Bowel Control Problems (Fecal Incontinence)
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Fecal incontinence, also called accidental bowel leakage, is the accidental passing of solid or liquid stools from your anus. You may have a strong urge to have a bowel movement and not be able to control it. You may have bowel leakage and not know it.
The symptoms of fecal incontinence include a strong urge for a bowel movement and not being able to control it, and passing solid or liquid stool without knowing it. Fecal incontinence has many causes, including digestive tract disorders and chronic diseases.
Doctors use your medical history, a physical exam, and tests to diagnose fecal incontinence and its causes. Your doctor will ask specific questions about your symptoms. Play an active role in your diagnosis by talking openly and honestly with your doctor.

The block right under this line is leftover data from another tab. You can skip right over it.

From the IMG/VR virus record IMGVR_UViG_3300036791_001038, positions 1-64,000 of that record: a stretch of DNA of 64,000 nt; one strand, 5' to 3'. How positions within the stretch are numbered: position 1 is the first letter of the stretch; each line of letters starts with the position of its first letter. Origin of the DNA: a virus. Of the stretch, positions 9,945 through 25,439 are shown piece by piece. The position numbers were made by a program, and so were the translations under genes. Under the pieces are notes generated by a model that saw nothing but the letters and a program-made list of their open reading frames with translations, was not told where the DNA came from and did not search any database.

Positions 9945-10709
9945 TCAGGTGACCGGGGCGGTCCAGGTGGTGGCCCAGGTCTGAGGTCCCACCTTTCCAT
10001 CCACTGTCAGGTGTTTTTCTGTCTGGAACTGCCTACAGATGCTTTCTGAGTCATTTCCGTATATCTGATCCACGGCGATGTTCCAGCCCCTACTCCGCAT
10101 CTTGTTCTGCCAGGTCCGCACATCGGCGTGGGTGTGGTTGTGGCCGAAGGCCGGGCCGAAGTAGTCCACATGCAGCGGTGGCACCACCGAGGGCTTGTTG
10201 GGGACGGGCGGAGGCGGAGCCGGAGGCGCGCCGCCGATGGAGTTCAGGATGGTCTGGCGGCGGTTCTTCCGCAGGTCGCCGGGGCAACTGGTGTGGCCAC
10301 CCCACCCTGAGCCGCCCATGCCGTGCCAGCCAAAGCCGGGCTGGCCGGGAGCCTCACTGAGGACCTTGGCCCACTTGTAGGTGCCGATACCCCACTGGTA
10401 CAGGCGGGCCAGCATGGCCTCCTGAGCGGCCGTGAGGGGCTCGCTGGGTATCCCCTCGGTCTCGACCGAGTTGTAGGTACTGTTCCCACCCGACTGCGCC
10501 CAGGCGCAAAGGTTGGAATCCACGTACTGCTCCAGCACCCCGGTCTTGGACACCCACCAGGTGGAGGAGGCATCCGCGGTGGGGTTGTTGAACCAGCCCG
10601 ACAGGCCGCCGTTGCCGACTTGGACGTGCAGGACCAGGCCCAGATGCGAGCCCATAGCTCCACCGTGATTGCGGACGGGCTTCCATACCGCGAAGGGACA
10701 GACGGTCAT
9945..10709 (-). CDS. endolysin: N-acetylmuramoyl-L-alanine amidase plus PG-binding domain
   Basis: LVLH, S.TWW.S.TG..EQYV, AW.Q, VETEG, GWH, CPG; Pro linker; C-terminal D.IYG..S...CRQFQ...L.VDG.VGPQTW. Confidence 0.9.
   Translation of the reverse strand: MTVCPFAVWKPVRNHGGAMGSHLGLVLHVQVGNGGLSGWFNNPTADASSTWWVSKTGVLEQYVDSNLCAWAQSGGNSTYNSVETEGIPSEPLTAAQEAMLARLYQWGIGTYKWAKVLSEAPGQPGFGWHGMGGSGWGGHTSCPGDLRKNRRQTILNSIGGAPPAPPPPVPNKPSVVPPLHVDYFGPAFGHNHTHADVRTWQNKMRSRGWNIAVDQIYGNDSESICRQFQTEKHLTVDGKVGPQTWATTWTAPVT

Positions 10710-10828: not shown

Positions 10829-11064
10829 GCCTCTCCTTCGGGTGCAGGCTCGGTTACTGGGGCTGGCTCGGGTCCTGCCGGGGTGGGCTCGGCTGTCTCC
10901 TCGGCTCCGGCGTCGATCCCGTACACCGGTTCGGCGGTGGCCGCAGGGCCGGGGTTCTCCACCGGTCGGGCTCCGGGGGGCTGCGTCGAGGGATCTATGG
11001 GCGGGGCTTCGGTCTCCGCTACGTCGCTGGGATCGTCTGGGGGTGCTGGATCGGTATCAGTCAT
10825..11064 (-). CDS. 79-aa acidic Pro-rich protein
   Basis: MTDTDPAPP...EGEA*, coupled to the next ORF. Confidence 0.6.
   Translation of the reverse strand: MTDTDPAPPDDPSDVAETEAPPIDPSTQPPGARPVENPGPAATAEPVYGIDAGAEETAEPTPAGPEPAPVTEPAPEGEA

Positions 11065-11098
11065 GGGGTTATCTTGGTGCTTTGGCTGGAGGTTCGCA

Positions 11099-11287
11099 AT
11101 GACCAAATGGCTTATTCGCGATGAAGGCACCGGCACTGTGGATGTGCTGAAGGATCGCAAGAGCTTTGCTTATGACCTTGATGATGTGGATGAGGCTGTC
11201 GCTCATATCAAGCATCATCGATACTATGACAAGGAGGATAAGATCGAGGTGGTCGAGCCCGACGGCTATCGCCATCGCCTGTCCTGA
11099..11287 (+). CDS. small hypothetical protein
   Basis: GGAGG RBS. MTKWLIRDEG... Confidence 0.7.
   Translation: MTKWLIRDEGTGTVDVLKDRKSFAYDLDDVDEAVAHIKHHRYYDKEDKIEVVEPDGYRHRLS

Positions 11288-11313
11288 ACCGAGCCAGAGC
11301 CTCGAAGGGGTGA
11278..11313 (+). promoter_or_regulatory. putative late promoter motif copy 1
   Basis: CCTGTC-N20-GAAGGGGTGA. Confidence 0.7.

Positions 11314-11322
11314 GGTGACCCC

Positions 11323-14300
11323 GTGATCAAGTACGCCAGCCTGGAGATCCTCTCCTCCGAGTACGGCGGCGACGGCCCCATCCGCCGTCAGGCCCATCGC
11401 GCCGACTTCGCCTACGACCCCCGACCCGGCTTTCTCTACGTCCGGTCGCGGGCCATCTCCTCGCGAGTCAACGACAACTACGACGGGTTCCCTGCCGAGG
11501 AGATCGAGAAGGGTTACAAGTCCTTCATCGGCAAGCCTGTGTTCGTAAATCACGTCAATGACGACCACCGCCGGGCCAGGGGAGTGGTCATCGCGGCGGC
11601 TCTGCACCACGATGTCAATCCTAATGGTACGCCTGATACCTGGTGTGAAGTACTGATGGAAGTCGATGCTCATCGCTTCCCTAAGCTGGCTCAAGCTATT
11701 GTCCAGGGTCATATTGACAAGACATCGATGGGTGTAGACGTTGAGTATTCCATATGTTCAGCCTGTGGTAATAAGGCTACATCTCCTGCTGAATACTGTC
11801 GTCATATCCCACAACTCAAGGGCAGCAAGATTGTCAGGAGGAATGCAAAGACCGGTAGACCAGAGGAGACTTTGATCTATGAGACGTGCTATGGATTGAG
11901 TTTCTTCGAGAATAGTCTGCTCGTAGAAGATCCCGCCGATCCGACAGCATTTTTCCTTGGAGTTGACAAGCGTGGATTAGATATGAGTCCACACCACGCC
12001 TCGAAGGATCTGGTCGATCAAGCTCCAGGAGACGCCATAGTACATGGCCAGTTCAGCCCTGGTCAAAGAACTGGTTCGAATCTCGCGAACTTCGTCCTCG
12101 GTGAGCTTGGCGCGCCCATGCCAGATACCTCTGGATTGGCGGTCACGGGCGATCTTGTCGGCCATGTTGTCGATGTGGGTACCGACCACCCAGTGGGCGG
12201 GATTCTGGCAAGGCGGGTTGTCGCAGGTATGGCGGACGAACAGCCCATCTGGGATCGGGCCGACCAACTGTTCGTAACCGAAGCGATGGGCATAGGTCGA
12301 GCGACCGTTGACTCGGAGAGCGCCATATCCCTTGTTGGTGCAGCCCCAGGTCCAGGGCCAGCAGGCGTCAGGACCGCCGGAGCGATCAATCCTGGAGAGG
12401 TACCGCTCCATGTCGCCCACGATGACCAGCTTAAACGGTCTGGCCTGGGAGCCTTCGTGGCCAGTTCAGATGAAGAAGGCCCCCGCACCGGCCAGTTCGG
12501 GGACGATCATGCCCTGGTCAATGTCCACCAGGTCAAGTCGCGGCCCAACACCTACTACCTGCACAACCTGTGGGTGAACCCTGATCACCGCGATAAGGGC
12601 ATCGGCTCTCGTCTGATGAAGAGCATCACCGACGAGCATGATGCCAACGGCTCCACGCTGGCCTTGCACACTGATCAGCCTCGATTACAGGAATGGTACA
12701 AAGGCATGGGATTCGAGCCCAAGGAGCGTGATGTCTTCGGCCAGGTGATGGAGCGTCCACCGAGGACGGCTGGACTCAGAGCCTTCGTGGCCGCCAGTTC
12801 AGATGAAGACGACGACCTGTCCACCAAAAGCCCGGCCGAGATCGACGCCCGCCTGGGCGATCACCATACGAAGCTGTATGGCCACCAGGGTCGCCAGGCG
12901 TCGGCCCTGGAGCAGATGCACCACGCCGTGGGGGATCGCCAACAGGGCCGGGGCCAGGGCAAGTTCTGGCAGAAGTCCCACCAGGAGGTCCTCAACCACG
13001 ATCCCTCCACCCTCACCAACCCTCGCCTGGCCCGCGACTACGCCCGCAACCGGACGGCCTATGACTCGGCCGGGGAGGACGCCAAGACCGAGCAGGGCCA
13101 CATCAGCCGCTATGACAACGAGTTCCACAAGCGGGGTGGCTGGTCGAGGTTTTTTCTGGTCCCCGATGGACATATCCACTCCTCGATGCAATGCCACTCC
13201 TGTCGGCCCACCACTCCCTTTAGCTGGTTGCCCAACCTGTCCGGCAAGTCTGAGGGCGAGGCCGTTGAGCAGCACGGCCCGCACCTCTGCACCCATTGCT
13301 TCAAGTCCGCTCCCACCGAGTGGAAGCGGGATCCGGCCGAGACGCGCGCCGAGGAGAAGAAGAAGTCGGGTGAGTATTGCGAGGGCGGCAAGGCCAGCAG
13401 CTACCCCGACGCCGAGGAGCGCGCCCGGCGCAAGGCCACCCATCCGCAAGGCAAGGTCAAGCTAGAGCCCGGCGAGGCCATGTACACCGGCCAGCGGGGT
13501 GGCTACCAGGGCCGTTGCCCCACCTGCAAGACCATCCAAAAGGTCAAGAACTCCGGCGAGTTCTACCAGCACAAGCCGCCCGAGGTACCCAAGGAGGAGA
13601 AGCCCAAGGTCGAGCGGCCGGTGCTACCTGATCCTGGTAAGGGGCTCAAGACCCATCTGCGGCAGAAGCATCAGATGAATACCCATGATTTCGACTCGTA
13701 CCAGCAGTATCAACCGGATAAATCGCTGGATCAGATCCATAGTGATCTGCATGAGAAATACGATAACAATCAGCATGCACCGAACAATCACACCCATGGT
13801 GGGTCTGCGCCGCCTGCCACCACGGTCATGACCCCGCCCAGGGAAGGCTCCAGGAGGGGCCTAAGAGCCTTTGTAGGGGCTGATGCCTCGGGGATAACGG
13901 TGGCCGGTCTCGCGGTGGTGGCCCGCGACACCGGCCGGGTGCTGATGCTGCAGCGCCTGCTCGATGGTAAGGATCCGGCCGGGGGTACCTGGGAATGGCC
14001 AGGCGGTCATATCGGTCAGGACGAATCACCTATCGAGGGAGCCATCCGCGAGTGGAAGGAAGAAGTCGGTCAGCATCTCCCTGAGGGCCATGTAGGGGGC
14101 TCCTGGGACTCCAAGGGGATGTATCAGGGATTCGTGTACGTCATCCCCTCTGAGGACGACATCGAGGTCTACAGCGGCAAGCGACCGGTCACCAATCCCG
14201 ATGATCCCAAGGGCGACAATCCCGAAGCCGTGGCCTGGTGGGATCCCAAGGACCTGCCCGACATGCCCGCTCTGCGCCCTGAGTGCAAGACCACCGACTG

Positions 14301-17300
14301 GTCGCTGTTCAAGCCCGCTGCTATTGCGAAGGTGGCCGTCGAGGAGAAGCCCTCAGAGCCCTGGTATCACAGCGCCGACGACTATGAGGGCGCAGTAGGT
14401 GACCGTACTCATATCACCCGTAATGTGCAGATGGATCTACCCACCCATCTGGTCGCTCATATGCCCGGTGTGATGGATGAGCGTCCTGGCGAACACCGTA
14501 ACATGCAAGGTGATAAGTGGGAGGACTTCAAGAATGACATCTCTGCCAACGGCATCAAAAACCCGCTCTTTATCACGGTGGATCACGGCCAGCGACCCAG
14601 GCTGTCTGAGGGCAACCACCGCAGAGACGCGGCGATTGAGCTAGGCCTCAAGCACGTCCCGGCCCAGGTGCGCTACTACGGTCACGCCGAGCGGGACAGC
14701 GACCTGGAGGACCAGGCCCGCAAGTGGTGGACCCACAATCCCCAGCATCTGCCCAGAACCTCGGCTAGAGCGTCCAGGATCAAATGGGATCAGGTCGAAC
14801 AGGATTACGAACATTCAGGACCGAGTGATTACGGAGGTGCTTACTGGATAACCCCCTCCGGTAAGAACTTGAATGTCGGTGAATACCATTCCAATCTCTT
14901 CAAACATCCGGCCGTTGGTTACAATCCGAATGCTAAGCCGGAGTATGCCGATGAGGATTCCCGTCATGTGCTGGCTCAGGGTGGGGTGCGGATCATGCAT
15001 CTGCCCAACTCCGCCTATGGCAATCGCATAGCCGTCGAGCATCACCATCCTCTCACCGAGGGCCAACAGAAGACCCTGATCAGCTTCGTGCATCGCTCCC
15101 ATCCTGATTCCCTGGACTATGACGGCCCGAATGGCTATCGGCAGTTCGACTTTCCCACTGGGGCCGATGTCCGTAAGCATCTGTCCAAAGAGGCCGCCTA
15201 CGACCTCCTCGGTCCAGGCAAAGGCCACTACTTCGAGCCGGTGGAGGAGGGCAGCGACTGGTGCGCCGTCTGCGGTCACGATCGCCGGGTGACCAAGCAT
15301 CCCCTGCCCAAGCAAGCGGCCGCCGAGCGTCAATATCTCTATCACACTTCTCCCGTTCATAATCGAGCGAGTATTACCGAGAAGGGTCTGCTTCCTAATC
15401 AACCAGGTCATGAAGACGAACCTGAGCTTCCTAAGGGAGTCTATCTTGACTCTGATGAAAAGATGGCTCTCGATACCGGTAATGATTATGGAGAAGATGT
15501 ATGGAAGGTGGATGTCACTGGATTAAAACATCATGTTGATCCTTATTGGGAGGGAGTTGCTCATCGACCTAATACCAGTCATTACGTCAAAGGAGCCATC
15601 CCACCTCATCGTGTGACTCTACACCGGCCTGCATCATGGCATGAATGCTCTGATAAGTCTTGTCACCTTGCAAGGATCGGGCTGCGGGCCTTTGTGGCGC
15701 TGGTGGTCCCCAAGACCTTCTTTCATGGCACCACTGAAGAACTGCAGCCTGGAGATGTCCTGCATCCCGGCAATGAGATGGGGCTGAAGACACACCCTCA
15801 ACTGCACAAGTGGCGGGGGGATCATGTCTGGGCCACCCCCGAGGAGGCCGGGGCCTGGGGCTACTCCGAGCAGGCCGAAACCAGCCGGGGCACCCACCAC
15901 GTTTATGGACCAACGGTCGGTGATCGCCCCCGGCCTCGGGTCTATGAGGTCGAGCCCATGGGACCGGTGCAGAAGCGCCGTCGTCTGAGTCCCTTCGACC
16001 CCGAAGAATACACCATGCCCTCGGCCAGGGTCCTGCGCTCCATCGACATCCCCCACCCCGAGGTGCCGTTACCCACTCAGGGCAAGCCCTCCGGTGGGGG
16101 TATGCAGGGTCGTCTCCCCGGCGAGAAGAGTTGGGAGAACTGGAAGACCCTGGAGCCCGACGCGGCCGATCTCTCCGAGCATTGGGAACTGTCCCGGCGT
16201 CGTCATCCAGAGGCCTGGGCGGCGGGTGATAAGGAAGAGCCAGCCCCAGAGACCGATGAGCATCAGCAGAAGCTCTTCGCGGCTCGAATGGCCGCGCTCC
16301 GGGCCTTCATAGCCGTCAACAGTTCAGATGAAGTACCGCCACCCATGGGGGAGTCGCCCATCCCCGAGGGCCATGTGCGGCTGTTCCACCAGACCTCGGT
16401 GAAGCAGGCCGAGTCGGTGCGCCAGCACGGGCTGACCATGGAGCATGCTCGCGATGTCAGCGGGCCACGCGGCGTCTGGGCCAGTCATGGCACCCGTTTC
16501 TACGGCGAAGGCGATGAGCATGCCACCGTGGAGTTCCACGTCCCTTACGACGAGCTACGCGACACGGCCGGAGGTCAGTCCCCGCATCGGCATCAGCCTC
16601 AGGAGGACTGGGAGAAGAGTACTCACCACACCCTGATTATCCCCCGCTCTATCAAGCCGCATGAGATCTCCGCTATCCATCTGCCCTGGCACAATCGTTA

How doctors treat fecal incontinence depends on the cause. Your doctor can also recommend ways to manage and treat fecal incontinence yourself. Play an active role in your treatment by talking openly and honestly with your doctor.
Changing what you eat can help prevent or relieve your fecal incontinence. Keeping a food diary can help you and your doctor find out which foods and drinks make your symptoms better or worse.
The National Institute of Diabetes and Digestive and Kidney Diseases (NIDDK) and other components of the National Institutes of Health (NIH) conduct and support research into many diseases and conditions.
The digestive system is made up of the gastrointestinal (GI) tract-also called the digestive tract-and the liver, pancreas, and the gallbladder. The GI tract is a series of hollow organs joined in a long, twisting tube from the mouth to the anus.
See more about digestive diseases research at NIDDK.
This content is provided as a service of the National Institute of Diabetes and Digestive and Kidney Diseases (NIDDK), part of the National Institutes of Health. The NIDDK translates and disseminates research findings through its clearinghouses and education programs to increase knowledge and understanding about health and disease among patients, health professionals, and the public. Content produced by the NIDDK is carefully reviewed by NIDDK scientists and other experts.
The NIDDK would like to thank:
William E. Whitehead, Ph.D., University of North Carolina School of Medicine